SPRINGFIELD — Illinois earned an average grade for its efforts to care for mentally ill inmates in state jails and prison, according to a recent study by the Treatment Advocacy Center.

The nonprofit organization ranked states according to their treatment of seriously mentally inmates who had committed major crimes. Illinois was among several states earning a "C" based on an opinion that the state "is making a modest effort and has some components of a model program."

Illinois, like most other states, faces a critical shortage of beds for defendants deemed by a judge to be mentally unfit to stand trial or not guilty by reason of insanity.  

As of April 2017, Illinois had 802 forensic beds in five facilities for people in those two mental health categories, according to the study.

The 95 percent nationwide decrease in public psychiatric beds from 1955, when 558,239 such beds were available across the country, has left counties and states scrambling for treatment facilities.

About 60,000 mental health evaluations are conducted annually in the U.S.; last year, 383,000 people were held in a treatment facility because of mental fitness or an insanity finding.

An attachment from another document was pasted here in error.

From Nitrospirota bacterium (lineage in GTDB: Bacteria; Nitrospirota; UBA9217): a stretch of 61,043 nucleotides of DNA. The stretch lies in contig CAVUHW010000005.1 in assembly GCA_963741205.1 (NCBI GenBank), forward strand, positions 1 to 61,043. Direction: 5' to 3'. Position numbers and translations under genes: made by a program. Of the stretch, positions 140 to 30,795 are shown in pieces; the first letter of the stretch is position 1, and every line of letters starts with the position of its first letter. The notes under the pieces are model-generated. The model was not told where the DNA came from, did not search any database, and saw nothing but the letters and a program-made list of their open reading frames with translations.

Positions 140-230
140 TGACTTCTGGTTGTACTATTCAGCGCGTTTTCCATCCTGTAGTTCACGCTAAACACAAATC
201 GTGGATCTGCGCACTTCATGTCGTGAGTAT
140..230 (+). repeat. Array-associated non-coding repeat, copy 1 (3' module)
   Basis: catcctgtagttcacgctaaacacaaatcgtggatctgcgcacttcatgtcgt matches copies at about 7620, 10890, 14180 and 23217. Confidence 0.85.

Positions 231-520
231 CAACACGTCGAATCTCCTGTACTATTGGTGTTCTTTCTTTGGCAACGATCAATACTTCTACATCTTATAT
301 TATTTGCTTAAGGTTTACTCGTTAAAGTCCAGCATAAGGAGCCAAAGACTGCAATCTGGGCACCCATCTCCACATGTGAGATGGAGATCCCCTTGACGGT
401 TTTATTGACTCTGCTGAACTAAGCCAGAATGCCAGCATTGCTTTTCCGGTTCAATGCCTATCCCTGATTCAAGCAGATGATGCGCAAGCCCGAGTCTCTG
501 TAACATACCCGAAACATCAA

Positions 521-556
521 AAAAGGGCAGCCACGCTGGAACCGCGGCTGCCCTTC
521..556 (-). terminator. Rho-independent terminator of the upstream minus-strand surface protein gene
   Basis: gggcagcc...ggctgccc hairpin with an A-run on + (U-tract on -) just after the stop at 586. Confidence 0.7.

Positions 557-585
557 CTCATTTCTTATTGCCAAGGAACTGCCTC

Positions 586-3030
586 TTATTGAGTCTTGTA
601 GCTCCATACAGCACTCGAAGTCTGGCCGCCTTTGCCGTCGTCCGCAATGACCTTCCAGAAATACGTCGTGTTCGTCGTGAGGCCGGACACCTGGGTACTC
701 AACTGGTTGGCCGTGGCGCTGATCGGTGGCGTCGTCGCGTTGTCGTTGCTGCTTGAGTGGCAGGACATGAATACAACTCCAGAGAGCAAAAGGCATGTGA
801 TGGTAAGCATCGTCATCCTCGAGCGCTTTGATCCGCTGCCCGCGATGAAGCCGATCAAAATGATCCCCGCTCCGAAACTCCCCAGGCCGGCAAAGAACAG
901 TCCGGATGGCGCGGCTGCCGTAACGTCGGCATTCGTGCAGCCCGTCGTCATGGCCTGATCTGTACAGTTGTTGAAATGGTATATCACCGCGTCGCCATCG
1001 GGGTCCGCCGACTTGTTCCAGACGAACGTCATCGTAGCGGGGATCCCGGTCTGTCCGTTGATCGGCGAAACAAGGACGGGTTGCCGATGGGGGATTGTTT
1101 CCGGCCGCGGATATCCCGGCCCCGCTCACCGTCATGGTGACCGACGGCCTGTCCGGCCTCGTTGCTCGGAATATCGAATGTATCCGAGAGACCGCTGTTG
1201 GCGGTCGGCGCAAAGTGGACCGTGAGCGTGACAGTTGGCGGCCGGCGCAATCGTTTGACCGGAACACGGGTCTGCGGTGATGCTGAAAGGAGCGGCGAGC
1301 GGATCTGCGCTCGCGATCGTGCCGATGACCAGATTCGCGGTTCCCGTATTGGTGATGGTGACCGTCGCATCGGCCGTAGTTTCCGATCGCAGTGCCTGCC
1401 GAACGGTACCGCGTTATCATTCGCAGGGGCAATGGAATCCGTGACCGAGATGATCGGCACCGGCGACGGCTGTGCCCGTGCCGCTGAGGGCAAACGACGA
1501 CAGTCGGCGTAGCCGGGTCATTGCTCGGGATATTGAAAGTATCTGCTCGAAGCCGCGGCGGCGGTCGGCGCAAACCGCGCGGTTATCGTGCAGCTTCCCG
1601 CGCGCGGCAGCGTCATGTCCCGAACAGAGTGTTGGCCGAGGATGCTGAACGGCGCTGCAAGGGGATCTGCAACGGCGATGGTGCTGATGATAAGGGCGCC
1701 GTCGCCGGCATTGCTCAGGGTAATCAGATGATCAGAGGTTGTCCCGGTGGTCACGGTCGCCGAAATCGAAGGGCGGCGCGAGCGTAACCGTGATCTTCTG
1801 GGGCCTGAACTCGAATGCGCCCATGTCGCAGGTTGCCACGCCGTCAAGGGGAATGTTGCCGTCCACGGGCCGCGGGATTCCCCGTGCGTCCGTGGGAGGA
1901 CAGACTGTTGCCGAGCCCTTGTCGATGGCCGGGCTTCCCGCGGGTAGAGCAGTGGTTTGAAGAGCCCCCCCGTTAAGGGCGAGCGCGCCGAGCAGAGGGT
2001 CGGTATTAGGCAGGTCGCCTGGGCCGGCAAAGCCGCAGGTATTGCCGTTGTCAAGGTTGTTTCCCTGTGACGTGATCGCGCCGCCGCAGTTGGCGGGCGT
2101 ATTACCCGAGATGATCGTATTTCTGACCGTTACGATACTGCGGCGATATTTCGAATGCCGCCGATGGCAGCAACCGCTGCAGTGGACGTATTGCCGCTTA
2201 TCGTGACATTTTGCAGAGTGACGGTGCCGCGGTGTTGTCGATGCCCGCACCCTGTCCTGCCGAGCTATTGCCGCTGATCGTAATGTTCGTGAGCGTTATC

"The quality of life for individuals undergoing repeated psychiatric hospitalizations and incarcerations is dismal," the report concluded.

Improvements to community mental health care are needed, said the report, to close the revolving door that brings seriously mentally ill offenders back to jail at twice the rate as their counterparts without behavioral health issues.

The 200,000 seriously mentally ill people who have committed a serious crime in the U.S. represent about two percent of the population with a severe psychiatric disorder.

The Treatment Advocacy Center estimated that about 20,000 offenders with a serious mental disorder are released from local and state custody each year after spending time in a state treatment facility related to a major crime. 

Follow Edith Brady-Lunny on Twitter: @pg_blunny

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